In the end this is what I had to do in my driver, interrupt on every character.  The interrupt handler does not move any data (DMA does this) but it is used to throw an RT/OS event to provide a waking mechanism when there is a blocking call waiting on UART input.  When you are cranking data at very high sustained speeds this really taxes the CPU.

I am hopeful Freescale will improve this in later versions of the peripheral set.  It seems that %70 of the peripheral provides atomic bit set and clear mechanisms for things like status and configuration registers.  Freescale just needs to get on the ball and get the other %30 percent, which is now especially important in the ARM LOAD/STORE architecture world.

If Freescale wants to know how to fix it from an RT/OS driver perspective please read my rantings/suggestions in the “Missing critical RX UART DMA Event Functionality in Freescale Parts thread.


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Contributor I

Hi, I am trying to get DMA1 to receive 10 characters without CPU intervention, over UART5, Kinetis K60:

I successfully managed to transfer 10 chars over UART5 using DMA0, no CPU intervention.

I post my  UART DMA1 settings, I thing I have something wrong in it, or missing something (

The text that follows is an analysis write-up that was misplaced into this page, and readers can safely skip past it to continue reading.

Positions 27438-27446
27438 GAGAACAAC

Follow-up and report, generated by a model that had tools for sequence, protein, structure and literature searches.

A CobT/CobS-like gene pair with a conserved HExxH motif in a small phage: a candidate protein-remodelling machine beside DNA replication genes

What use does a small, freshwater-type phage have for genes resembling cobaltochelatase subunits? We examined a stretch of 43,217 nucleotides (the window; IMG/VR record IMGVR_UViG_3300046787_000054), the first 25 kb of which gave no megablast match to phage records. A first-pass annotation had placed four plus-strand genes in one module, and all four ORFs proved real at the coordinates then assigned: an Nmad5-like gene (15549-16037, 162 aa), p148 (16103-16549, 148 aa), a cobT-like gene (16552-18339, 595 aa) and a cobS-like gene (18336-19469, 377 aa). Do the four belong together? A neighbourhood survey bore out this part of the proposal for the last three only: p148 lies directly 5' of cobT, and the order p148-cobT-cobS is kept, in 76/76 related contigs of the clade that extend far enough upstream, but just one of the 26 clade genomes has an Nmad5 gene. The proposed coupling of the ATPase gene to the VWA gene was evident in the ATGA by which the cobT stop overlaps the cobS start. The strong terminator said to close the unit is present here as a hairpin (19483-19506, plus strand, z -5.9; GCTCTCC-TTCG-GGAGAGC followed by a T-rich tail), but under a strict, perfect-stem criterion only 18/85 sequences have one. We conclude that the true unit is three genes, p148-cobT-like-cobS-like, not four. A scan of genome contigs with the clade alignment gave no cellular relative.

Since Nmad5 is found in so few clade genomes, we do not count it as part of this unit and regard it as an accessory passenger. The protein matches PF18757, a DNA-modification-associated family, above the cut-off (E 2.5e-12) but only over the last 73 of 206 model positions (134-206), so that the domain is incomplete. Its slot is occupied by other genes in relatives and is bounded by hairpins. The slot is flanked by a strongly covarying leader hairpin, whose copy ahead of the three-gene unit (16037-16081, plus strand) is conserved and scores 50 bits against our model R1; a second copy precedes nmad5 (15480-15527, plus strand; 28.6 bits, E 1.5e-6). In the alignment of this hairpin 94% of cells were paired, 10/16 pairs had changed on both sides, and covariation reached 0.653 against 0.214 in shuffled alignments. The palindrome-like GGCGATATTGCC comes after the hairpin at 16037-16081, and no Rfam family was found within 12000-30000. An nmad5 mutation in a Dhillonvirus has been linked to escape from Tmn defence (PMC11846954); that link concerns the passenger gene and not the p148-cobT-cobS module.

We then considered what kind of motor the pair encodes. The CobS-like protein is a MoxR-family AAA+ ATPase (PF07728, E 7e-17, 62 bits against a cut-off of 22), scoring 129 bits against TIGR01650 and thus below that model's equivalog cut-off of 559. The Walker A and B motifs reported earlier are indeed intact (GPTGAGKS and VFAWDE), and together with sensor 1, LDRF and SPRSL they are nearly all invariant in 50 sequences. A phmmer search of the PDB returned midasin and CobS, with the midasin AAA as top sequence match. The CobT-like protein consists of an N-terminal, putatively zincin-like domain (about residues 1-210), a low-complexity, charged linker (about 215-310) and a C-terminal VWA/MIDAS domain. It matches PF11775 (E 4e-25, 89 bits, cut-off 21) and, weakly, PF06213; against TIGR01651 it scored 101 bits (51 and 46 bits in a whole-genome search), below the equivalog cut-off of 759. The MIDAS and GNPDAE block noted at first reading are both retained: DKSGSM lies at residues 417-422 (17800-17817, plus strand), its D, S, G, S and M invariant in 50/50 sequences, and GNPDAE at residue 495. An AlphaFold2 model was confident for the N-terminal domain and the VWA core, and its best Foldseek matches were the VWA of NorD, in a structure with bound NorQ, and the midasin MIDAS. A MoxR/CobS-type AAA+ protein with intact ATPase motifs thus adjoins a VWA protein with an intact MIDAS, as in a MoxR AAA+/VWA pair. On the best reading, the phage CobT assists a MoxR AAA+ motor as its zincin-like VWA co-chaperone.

_DMA0_ISR,        /* 0x10  0x00000040   -   ivINT_DMA0


    _DMA1_ISR,      /* 0x10  0x00000044   -   ivINT_DMA1

) in vectors.c

uint32_t UART5_RX_DMA1_init(uint8_t length_of_transfer)

  /* Enable Clock gating for the DMA1 and DMA MUX */

//   _bsp_edma_enable(1);// /* Enable DMAMUX clock */ <  

  SIM_SCGC6 |= SIM_SCGC6_DMAMUX_MASK;///  /* Enable DMA clock */ <  

    DMAMUX_CHCFG1 = (1<<7)|12;   //Select UART5 RX as channel source



    //DMAMUX_CHCFG1 = (1 << 7 ) | 13;


    DMA_CR = 0;


   // DMAMUX_CHCFG1 = 0x00;   //Disable DMA MUX channel first //Channel Configuration Register (DMAMUX_CHCFG0)



   // DMA_TCD1_SADDR  = (uint32_t)0x400EB007;   //Set source address UART5_D  / UART5 data register used to receive data

    DMA_TCD1_SADDR = (uint32_t)&UART5_D;

    DMA_TCD1_DADDR  = (uint32_t)&buffer_RX.buffer[0];   //Set destination


    DMA_TCD1_NBYTES_MLNO = 1; //TCD Minor Byte Count (Minor Loop Disabled)

    DMA_TCD1_ATTR = 0 ;// 8-bit transfer, closed model of // TCD Transfer Attributes: Source data transfer size

    DMA_TCD1_SOFF = 1; //Sign-extended offset applied to the current source address to form the next-state value as each source read is completed.

    DMA_TCD1_DOFF = 0; //Sign-extended offset applied to the current destination address to form the next-state value as each destination write is completed.

    DMA_TCD1_SLAST = 0; //Adjustment value added to the source address at the completion of the major iteration count. This value

              //can be applied to restore the source address to the initial value, or adjust the address to reference the next data structure.